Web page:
Dad followed suit, with a marinara pizza ($13.9). My initial thoughts of “a small? soft!” were batted away when a dinner plate-sized “small” pizza arrived, smoking hot out of the oven and teaming with huge prawns and mussels. This, of course, brought up the debate of the thin-crusted wood-fired pizza versus the normal commercial oven-cooked with a thicker base conundrum. My love of the sparsely-topped, super crunchy wood-fired version has officially been knocked off its podium by Topolino’s crunchy, chunky, seafood-filled, sufficiently charry explosion of deliciousness.

IMG_0190

I like to be under the sea

I went for one of the specials of the night – fettucine with spicy sausage and peas ($16.9). I have to admit that whilst mine was rich, delicious and altogether plentiful…it just wasn’t possible for it to stack up to the two marinaras. That said, the sauce was very well flavoured. The peas provided a nice interruption of lightness to the dish and three plump, slightly spicy sausages were intertwined with the mass of well-cooked pasta.

itsa spicy sausage

itsa spicy sausage

We were all sufficiently stuffed by the end; I couldn’t finish my incredibly generous serving of pasta. We took a super pleasant walk around the back streets and down to the esplanade while the sun was still out. An amazing night 🙂

Topolino’s
87 Fitzroy Street
St Kilda VIC 3182

Food? 9/10…what the hell, let’s go 10/10. Great value for money, expertly cooked food and delicious as hell.
Drinks? 8/10 – not a bad drinks list at all. A good range of wines both by the glass and bottle, over a decent array of prices. Probably could have been a few more interesting beers, though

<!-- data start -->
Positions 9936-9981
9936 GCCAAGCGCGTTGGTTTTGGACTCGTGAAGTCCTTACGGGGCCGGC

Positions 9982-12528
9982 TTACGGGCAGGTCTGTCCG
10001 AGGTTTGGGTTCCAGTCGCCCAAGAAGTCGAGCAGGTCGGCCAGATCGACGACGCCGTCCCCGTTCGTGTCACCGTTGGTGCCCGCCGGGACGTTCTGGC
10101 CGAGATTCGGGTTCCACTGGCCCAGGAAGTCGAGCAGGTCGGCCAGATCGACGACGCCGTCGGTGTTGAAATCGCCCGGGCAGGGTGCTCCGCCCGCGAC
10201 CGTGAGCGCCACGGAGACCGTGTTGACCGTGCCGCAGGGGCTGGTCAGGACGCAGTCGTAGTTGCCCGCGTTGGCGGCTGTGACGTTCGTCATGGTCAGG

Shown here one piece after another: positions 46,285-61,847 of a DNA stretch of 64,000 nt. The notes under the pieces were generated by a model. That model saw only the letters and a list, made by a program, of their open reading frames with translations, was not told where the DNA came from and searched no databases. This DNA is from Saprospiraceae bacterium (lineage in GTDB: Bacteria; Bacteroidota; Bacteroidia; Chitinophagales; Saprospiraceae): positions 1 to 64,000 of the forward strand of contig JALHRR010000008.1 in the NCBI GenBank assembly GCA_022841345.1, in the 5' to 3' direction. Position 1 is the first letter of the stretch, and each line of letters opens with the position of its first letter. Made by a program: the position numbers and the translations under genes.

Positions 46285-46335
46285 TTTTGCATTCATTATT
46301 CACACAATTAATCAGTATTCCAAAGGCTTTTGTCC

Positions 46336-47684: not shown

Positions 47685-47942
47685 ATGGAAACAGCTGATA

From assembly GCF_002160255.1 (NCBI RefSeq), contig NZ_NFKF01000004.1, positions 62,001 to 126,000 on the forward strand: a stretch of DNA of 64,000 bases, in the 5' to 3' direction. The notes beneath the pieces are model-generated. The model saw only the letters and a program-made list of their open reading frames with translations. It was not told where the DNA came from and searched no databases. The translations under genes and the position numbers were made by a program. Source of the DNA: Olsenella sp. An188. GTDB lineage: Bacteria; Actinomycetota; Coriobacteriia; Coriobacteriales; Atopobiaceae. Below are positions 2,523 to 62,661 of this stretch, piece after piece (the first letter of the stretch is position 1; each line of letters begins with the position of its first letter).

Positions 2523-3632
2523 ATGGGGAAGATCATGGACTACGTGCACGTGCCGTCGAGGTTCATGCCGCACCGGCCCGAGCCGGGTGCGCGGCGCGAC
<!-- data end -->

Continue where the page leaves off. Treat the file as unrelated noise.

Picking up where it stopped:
Atmosphere: 8/10 – the fun, friendly, relaxed, welcoming atmostphere of the restaurant draws a range of clientele – parties, families, a group of young lads, casual dates. Too many bratty kids…but hey, they’ve gotta eat and I’m sure I was one once.

 Topolino's on Urbanspoon

Signorelli Gastronomia, Pyrmont

With the end of the work week approaching, a need to rediscover comfort eating nice and close to home and a voice in my ear saying “Itsa me, Mario” (that voice turned out to be my colleague finishing off an Italian meatball sub), I thought “what better way than to eat my way through pizza, pasta and all sorts of tricolore delicacies – all the while washing it down with a fine Chianti?”. The answer was nothing. I grabbed my dining friend, and off we set, a long walk into the sunset, towards Signorelli Gastronomia in Pyrmont – yes, the place that seemingly only serves the whole spit-roasted pig.